Two years after passing a reconciliation policy, Nanaimo-Ladysmith school district reports that it is finding new ways to bolster Indigenous language instruction.
The district’s Syeyutsus reconciliation policy and framework is guiding document that seeks balance between First Nations and western traditions. Ted Cadwallader, Indigenous learning director of instruction, updated trustees at their March board meeting about Hul’q’umi’num’ language work.
“We were able to identify and recruit, over the last two years, three new Hul’q’umi’num’ teachers and we now have seven teachers working in our school district certified with First Nations language teaching certificates,” Cadwallader said.
The teachers are dispersed over 26 schools and Cadwallader said the situation is “still thin on the ground, still fragile” as there are such a small number of Hul’q’umi’num’-certified language teachers, with a “great need” in the district. The teachers are also teaching in post-secondary and community programs as well, he said.
The district provides dedicated funding out of its targeted aboriginal education budget annually, said Cadwallader, with a line item for resource development and training. He said the school district has purchased microphones and speakers so that when teachers are wearing their masks, they can still be heard clearly by students.
Ongoing training is being provided for the remainder of the year, with assistance of a fluent Hul’q’umi’num’ speaker, according to Cadwallader. Teachers met two weeks ago and will meet five more times before conclusion of the school year.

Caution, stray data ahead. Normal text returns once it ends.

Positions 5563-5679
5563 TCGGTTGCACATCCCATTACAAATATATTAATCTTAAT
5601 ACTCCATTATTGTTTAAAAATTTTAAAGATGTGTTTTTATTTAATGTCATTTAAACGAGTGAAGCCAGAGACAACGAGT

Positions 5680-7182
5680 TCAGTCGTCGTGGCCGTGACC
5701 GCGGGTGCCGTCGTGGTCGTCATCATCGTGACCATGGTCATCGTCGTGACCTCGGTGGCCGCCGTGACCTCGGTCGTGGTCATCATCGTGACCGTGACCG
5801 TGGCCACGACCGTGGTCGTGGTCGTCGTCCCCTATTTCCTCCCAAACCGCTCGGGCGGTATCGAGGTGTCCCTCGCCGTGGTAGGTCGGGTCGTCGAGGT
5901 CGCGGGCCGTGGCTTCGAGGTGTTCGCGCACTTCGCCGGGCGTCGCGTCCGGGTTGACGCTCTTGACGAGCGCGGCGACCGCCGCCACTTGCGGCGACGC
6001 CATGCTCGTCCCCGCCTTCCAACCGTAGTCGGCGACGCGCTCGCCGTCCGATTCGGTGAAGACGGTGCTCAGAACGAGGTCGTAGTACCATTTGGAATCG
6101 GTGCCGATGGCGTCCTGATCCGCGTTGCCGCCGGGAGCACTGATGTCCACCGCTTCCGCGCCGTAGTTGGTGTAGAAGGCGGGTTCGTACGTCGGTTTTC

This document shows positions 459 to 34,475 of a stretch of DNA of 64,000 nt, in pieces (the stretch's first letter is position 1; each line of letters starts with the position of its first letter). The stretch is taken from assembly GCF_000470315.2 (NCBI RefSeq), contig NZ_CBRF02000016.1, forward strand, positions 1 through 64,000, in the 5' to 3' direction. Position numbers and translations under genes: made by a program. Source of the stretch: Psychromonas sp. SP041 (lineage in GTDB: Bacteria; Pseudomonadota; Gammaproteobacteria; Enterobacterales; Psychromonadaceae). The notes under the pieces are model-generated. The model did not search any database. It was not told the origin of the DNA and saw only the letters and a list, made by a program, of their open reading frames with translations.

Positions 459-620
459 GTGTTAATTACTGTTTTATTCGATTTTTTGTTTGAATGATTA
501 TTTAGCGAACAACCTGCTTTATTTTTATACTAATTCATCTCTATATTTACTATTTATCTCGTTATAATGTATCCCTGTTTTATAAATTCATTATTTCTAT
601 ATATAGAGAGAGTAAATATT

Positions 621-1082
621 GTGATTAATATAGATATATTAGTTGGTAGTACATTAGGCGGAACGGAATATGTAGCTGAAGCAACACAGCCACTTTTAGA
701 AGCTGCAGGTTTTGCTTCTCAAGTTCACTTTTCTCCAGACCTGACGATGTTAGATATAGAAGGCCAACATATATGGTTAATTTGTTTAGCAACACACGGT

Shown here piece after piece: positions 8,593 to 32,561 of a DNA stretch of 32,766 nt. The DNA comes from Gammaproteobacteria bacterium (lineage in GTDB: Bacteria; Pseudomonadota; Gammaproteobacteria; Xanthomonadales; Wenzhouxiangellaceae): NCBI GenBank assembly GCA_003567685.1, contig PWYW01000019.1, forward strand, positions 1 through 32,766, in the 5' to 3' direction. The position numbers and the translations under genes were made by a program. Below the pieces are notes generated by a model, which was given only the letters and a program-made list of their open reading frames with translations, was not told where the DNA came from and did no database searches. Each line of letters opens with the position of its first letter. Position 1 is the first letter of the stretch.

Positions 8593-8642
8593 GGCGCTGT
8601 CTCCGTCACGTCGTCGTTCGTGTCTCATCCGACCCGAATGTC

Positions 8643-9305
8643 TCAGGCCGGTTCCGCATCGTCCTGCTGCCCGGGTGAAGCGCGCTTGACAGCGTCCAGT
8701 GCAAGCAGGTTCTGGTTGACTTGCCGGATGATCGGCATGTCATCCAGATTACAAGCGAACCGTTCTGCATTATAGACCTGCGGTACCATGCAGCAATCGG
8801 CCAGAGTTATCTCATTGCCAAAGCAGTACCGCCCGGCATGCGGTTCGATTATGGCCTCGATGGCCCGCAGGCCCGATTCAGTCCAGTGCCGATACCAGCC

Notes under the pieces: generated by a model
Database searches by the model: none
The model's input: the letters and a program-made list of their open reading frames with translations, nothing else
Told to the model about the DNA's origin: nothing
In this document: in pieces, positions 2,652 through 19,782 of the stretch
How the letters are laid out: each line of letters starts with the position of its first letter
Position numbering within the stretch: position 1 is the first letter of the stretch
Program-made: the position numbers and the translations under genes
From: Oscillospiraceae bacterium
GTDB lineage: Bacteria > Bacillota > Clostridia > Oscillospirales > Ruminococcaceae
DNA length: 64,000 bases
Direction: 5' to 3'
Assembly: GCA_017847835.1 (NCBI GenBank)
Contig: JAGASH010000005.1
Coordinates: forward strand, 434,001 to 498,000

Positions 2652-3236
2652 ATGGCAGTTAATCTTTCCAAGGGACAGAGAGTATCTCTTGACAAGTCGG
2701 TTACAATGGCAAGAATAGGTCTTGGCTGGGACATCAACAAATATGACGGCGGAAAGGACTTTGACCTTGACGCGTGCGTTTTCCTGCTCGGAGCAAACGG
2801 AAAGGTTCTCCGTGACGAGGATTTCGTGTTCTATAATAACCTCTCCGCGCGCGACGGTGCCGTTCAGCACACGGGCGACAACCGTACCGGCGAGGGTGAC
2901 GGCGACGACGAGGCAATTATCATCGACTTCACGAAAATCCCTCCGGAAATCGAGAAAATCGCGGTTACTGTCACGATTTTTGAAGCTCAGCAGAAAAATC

The district added an Indigenous learning coordinator, Tannis Calder, at the beginning of last school year, Cadwallader said, which has yielded dividends.
“Her incredible skill set of working with our language teachers has helped the district set up a publishing entity to start with called NLPS Learns and through that publishing company, we’ve published … [a] book, Shxw’al’uq’wa, about families and so there’s a number of publishing pieces that are on the roll,” Cadwallader said.
Calder’s skill set has also allowed the district to offer digital resources; for example, said Cadwallader, a colouring book has an embedded QR code so that students can hear the book being read to them in the Hul’q’umi’num language.
“We learned last year, during remote learning because of COVID, that our language teachers’ resources were based in hard copy for the most part and so that’s why [there’s] this effort to build these digital resources,” Cadwallader said.
A teacher has been assigned to the early-learning centre at Qwam Qwum Stuwixwulh School, he said, to teach pre-school children and start the school “on that path of a Hul’q’umi’num’ immersion environment.”